SPOILERS AHEAD

4) The Matriarch was annoying as hell.

The Matriarch boss fight in Gears 5 is notoriously difficult. And when I say notorious, I’m not over-exaggerating; do a quick search on Reddit or your favorite Gears forums, and you’ll undoubtedly find people complaining about this battle. I myself complained about it. I was playing co-op with another person and it took us about an hour before we could fell the beast. I honestly wonder who play tested this section and gave it the all clear.

So what made it so egregious? First off, the Matriarch basically one-hit-kills any character that she comes into contact with. The thing that makes this so frustrating is that the gameplay loop to kill her takes quite a bit of time. The Matriarch is only vulnerable in one location and you can’t get a good angle on it until she’s frozen. Unless you have the Flash Freeze ability equipped to Jack (gained only through the side missions, mind you), this requires that you shoot the ice around the Matriarch as she rushes you until she falls through and temporarily freezes. This loop can take quite a while to whittle down the Matriarch’s health and, if you’re 15 minutes in, starting at the beginning after a one-hit-KO is extremely frustrating.

Photo Credit: USGamer

Not only that, but at three intervals of the Matriarch’s health depletion, the player controlling Kait will go into a fugue. The red dream-sequence basically covers the entire screen… but the Matriarch hasn’t stopped moving. You can’t see her location at all (unless you use Jack’s Pulse ability) and if you don’t have a co-op buddy, you’re basically wandering around in the dark, hoping you don’t get rushed for one of the aforementioned one-hit-KO’s. Couple that with the annoying voiceover of “Kaiiiiiiitiieeeee” and you’ll be ready to throw your controller at the wall.

Alright, so it’s a hard boss – given enough time to mull it over, you should be able to put together a strategy and Jack’s abilities to make it much more manageable. But what makes it over-the-top “THE ABSOLUTE WORST” is the unskippable cutscene before the boss fight. I don’t mind grinding out a boss, but sitting through a semi-longish cutscene when a boss fight is guaranteed to take a few tries is just irritating. I hope at some point an update is rolled out allowing for it to be skipped. I don’t need to see a robot torn in half 20 times over, ever again.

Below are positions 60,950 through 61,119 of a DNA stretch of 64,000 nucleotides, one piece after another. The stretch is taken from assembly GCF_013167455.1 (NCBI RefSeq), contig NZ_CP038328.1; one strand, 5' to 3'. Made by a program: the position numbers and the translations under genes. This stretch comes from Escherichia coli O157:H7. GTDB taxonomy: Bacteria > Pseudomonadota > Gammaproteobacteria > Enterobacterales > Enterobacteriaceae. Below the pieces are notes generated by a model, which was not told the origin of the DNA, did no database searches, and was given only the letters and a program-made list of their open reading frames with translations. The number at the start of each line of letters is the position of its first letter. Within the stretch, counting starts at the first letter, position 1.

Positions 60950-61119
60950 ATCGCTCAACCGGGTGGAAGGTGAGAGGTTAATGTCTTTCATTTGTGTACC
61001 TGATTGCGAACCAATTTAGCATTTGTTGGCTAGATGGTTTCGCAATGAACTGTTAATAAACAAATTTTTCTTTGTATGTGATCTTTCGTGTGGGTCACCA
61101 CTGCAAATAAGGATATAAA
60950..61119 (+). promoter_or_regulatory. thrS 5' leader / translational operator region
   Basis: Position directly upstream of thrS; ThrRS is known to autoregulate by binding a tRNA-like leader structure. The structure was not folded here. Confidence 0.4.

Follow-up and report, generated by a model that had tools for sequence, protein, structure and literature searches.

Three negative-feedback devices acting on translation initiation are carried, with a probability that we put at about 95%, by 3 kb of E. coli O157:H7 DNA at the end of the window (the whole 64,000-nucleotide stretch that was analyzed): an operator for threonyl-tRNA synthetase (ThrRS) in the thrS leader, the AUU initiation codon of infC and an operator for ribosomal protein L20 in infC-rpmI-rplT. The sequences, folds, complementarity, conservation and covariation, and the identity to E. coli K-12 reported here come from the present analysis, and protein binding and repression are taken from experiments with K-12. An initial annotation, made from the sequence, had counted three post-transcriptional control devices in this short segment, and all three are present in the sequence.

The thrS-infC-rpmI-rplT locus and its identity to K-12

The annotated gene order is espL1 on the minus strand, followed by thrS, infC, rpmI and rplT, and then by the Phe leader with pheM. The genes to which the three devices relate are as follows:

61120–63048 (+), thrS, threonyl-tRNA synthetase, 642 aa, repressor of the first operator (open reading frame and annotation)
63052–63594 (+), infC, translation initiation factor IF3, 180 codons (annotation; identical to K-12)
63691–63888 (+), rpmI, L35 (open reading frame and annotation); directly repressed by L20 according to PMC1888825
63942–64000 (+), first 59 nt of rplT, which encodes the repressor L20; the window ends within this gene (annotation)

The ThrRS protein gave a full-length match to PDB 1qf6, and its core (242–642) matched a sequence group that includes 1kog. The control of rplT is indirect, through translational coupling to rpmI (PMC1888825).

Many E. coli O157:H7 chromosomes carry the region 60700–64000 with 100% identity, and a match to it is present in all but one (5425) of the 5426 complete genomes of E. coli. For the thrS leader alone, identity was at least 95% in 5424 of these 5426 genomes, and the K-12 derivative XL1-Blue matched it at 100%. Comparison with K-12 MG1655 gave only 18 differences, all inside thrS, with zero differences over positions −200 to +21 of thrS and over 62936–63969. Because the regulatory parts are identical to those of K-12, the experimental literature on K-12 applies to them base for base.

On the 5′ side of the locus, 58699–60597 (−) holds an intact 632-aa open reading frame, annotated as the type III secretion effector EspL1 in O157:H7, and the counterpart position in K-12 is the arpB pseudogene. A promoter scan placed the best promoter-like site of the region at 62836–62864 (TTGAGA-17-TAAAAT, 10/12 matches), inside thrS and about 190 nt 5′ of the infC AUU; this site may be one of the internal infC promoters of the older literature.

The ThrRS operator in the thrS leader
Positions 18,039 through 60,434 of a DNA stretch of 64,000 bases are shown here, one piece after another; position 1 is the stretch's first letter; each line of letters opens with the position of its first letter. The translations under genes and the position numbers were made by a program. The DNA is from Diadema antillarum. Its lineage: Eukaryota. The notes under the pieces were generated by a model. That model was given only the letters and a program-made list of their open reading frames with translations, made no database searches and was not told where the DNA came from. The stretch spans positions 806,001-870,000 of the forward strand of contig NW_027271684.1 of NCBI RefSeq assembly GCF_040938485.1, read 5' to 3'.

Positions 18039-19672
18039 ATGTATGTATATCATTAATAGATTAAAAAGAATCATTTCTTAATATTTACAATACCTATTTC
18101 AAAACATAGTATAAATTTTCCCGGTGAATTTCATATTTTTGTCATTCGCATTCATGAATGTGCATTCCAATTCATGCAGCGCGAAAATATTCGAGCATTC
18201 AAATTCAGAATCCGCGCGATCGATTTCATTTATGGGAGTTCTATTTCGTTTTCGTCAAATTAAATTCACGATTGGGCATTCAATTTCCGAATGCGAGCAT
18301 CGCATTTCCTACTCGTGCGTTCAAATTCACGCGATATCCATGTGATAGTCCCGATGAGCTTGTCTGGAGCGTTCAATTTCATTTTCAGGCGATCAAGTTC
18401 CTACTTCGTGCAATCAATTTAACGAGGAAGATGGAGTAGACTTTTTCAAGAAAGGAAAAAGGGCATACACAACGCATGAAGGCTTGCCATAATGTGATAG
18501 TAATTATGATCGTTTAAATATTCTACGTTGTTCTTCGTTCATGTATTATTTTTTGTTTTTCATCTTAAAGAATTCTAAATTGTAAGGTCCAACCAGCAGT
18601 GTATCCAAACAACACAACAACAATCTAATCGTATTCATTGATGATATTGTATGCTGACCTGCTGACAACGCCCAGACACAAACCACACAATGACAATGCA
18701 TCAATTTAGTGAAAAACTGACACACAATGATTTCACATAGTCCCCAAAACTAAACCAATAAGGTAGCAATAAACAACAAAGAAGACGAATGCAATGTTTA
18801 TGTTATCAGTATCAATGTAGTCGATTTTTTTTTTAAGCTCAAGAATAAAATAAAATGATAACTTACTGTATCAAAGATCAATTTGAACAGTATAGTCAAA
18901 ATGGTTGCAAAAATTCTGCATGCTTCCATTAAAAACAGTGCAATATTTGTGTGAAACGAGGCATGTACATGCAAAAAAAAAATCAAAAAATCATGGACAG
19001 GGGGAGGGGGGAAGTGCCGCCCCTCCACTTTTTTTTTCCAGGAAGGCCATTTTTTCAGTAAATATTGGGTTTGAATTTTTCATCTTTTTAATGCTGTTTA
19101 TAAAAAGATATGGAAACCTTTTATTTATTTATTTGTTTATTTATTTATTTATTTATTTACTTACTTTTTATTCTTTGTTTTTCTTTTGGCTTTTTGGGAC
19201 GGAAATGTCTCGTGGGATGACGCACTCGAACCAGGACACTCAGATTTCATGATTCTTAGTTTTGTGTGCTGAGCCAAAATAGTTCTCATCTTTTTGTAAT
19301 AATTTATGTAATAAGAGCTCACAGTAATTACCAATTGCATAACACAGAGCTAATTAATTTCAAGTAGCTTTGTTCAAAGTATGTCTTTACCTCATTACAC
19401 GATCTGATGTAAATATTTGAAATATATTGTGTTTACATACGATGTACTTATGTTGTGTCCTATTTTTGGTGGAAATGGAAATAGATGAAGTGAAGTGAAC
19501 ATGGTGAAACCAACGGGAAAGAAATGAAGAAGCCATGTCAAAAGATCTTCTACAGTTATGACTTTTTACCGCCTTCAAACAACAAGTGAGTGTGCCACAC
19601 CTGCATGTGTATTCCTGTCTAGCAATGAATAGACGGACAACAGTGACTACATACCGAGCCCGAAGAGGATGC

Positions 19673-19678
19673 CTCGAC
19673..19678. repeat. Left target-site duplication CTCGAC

5) I was totally shocked by the ending choice… and how rushed the ending felt.

Okay, I’m not joking now. There are seriously some spoilers ahead. Right after this sentence. Beware.

I know I already talked about how Gears 5 introduced some elements of the open-world game style. However, I’d ultimately classify Gears 5 as linear… right up until the end. I was incredibly shocked that the game made you choose between saving Del and JD and actually allowed your decision to stick. When the option even came up on my screen, even though I gave the choice a fair amount of consideration, I figured that it would ultimately be overruled to allow for JD to live. After all, he’s Marcus Fenix’s son and was the main protagonist in Gears of War 4 – I figured he was untouchable. As such, I chose Del (who was my buddy throughout the entire game) and was honestly shocked when JD was terminated.

I’m a little confused to see how this will work out for the next installment in the franchise. Will the Coalition retcon our choices and force us down one path? I can’t see the next game having a branching storyline – that’s just not in the Gears DNA – but this was a huge decision that will have huge ramifications on the characters. I’m stunned and intrigued to see how the ending choice will be handled moving forward, especially given it occurred right at the end of the game and we didn’t really get to see the characters react.

That said, the ending of the game felt a bit rushed. You finish up a boss fight, but there’s still a big battle going on… and the group just kind of drives off into the sunset. I understand that they want to leave a bit of a cliffhanger, but I’m a firm believer that every entry in a franchise should feel like a complete game. Some kind of concrete conclusion would have been nice.


Overall, Gears 5 was a lot of fun and a refreshing jump back into the world of Gears of War. Have any of you played Gears 5 yet? What were your thoughts and impressions? I’d love to know – drop me a line in the comments.

Leave a Reply

Fill in your details below or click an icon to log in:

WordPress.com Logo

You are commenting using your WordPress.com account. Log Out /  Change )

Google photo

You are commenting using your Google account. Log Out /  Change )

Twitter picture

You are commenting using your Twitter account. Log Out /  Change )

Facebook photo

You are commenting using your Facebook account. Log Out /  Change )

Connecting to %s